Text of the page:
TAKE-OUT DOUBLE: RESPONSES

  • A positive can be assumed to be roughly 9-11 points, i.e. intermediate, since you can assume that partner will be bidding again anyway if holding 17+ and so a minimum response on an ordinary 8 points is safe... you still won't stop short should the partnership hold the requisite combined 25 points.

  • Pass when the opponents haven't bidFor penalties, with excellent trumps and either (a) strength, expecting a juicy penalty, or (b) a weaker hand that can't be sure of beating the opponents' doubled contract, but thinks this is the least bad option. The doubler is entitled to assume hand (a). Subsequent doubles by the partnership are all for penalties.
    Pass after redoubleFor penalties, NOT a "pass-the-buck" forcing bid. The opponents' redouble doesn't change the meaning of our takeout doubles.
    Pass after other interventionEither uninterested in competing the part-score or a penalty pass that's hoping partner can find another takeout double.
    Minimum suit bid (silent opponents)0-8 points, ostensibly natural but sometimes a short suit on a weak hand that couldn't bid no-trumps (either too weak or no stop). With more than 8 points a stronger response is mandatory, because doubler's only guaranteed to find another bid if holding 17+ points.
    Minimum suit bid (opposition intervened)Natural, weak positive (sometimes very weak). Shows a hand willing to compete the part-score at the given level and vulnerability, which often isn't saying much.
    Jump in suitA hand that's not strong enough to bid game immediately by itself, but might miss game after a minimum response. Shows either 9-11 (or a bad 12) or equivalent playing strength, including shape. Negative inferences about suit length will sometimes be available from a failure to cue-bid to show equal length in two suits.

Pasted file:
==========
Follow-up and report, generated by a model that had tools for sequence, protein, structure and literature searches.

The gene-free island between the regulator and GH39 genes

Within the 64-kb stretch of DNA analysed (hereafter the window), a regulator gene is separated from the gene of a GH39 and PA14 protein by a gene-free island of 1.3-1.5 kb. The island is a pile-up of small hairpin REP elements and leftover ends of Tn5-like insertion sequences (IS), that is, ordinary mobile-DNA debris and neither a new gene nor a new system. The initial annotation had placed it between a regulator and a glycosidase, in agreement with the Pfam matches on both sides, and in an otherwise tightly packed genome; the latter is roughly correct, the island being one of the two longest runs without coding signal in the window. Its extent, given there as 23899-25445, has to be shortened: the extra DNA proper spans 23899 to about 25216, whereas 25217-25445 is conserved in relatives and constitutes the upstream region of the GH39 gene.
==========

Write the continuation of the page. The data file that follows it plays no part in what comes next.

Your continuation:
Double jump to threePre-emptive, at least a five-card suit.
    Jump to four of a minorMinorwood.
    Jump to 4NTStone-Age Blackwood, with no agreed suit.
    Raise the opponents' most recently bid suit"Pick a suit, please, partner." Shows enough high-card strength to force the bidding a level higher (i.e. 9+). Asks partner to choose between two equivalent suits, normally either the two minors or the two majors, so by implication suggests exactly four cards in each. Forcing, but not game-forcing. Is expected to deny four of the obvious unbid suit if there is one, so for instance a cue-bid of a double of 1H asks partner to choose a minor. (Conceivably might also be the first move on a tricky game or slam-going hand.)
    A suit that the opponents have mentioned, but not their last-bid denominationNatural, to play.
    1NTNatural, constructive, about 7.5-10 points. It's essentially the same bid as a 1NT response to partner's opening bid when the opponents have overcalled. Shows a good holding in the opponents' suit(s).
    2NTNatural, about 10-12 points. As above.
    Jump to five of a majorInviting six.
    Jump to 5NTInviting six.
    Any game or slamNatural, to play.
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    Copyright 2015 Finn Clark.